American e-commerce giant Amazon will fly a warehouse at an altitude of around 45,000 feet that would act as a launchpad for drones, with an aim to deliver consignments in a jiffy, media reports said today.Amazon, after winning a patent for flying the warehouse in the US, announced plans for an "airborne fulfillment center" (AFC) such as an airship, CNBC reported.The airship will be stocked with lots of products and would float at an altitude of around 45,000 feet, it said. When a customer places an order, a drone or unmanned aerial vehicles (UAV) will fly down and deliver the parcels.Amazon said the process would require little power as the drone would be gliding down rather than having to take off and land."When the UAV departs the AFC, it may descend from the high altitude of the AFC using little or no power other than to guide the UAV towards its delivery destination and/or to stabilize the UAV as it descends," the patent filing explains.The firm revealed several uses for the flying warehouse. One example is at a football match where customers may want certain items such as food or merchandise. Ahead of the game, the AFC could stock up on items and deploy these during the game with drones when they are ordered.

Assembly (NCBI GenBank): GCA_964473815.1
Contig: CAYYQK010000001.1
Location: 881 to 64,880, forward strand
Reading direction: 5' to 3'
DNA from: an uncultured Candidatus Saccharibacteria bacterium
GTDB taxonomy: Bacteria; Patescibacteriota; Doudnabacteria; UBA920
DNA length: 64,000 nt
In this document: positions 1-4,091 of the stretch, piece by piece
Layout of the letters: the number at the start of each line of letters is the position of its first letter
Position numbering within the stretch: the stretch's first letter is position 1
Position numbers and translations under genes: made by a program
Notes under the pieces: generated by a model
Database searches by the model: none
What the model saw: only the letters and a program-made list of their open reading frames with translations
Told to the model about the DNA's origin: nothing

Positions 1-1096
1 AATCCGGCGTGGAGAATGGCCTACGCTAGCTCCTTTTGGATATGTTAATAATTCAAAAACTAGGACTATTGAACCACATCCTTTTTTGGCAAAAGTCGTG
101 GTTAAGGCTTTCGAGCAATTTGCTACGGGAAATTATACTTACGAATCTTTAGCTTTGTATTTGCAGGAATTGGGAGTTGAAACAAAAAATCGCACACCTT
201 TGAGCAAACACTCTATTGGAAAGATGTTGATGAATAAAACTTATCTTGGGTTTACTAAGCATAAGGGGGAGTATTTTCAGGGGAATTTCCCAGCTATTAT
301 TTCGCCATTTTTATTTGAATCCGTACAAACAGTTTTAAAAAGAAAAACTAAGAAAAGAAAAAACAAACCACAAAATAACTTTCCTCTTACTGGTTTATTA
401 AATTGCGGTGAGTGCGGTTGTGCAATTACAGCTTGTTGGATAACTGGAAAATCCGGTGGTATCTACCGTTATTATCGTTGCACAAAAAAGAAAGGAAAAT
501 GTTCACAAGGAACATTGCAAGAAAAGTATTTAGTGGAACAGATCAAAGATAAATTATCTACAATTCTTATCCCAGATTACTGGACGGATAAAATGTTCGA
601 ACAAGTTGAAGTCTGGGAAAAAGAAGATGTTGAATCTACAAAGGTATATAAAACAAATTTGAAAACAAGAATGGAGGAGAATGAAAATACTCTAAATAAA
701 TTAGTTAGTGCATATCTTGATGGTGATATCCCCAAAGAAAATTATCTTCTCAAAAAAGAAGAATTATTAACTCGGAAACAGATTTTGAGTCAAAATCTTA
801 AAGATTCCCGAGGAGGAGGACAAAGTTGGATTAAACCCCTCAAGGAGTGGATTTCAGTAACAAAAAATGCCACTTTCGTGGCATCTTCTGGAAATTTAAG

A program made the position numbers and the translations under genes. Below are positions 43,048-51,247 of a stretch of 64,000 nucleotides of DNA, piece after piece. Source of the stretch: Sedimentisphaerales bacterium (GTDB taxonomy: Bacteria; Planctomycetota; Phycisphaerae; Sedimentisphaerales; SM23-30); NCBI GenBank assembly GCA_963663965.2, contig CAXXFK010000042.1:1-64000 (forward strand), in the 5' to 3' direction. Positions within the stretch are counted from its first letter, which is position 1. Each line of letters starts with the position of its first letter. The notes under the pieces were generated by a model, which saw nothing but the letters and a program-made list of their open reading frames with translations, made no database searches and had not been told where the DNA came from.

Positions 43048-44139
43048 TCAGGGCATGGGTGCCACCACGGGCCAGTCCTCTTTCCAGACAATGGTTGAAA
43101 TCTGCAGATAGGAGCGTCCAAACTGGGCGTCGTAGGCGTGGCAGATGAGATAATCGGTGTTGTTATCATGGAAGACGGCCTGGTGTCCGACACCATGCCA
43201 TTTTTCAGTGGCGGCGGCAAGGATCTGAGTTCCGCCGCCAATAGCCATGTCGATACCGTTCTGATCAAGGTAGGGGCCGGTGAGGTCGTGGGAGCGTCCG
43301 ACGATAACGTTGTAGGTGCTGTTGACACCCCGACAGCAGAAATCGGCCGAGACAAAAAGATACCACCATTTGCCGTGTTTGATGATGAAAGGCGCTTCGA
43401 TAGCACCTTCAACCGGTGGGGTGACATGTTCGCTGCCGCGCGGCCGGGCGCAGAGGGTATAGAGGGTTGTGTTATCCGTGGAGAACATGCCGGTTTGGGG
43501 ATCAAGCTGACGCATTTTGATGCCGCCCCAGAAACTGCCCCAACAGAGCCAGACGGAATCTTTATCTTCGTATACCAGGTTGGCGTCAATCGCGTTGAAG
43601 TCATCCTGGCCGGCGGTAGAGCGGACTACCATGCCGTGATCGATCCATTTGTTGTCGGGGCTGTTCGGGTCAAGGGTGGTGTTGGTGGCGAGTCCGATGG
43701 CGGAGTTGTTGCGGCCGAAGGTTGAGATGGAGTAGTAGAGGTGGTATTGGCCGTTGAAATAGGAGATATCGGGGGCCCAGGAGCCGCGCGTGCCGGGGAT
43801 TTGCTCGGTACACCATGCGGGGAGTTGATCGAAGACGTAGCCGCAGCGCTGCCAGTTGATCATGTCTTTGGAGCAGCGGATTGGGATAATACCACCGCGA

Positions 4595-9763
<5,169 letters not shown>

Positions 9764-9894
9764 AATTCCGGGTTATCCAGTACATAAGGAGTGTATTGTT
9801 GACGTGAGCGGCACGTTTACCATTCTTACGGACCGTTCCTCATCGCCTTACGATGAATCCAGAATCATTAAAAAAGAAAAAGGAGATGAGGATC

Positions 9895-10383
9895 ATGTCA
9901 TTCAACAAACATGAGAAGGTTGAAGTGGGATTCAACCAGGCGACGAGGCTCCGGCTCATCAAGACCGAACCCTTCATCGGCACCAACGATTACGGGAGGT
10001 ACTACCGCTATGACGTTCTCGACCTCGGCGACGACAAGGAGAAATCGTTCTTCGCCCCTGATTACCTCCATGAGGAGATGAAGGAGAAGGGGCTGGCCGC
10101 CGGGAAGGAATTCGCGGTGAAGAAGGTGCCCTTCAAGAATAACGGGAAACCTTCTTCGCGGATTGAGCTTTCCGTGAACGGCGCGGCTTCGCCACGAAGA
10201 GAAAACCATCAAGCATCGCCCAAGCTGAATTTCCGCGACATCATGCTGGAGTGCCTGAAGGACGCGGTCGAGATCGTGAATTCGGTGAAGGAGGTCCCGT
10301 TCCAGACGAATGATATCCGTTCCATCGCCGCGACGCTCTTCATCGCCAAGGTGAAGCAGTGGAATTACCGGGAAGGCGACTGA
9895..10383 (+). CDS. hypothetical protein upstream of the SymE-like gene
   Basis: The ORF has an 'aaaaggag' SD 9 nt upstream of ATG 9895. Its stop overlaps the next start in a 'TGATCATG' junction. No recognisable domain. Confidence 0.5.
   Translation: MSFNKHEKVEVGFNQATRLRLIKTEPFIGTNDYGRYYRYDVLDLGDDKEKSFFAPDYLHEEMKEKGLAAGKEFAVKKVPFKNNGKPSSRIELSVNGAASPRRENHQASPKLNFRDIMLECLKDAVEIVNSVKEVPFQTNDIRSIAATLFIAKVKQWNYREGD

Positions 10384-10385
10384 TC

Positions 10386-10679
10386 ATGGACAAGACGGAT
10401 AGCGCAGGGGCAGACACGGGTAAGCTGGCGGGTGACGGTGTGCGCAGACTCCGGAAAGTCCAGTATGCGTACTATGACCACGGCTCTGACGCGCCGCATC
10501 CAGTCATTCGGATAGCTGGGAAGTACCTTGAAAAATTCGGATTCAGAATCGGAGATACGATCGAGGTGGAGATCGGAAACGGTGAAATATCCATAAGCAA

It could also be used as a giant advertising board, allowing customers to order the items on display. All of these can be ordered "within minutes".The drones would be able to communicate with each other via a mesh network to give information such as weather and route. UAVs could also recharge on the airship, the report said.Amazon's filing explains that the blimp would remain in the air and be refueled and replenished using a shuttle. This could be a smaller aircraft capable of docking onto the AFC and unloading products as well as fuel.The patent filing was awarded in April this year but only circulated this week after venture capital database CB Insights analyst Zoe Leavitt tweeted the document. Amazon successfully trialed its first delivery by drone in the UK earlier this month and is pushing ahead with plans to make this widely available.(This story has not been edited by NDTV staff and is auto-generated from a syndicated feed.)
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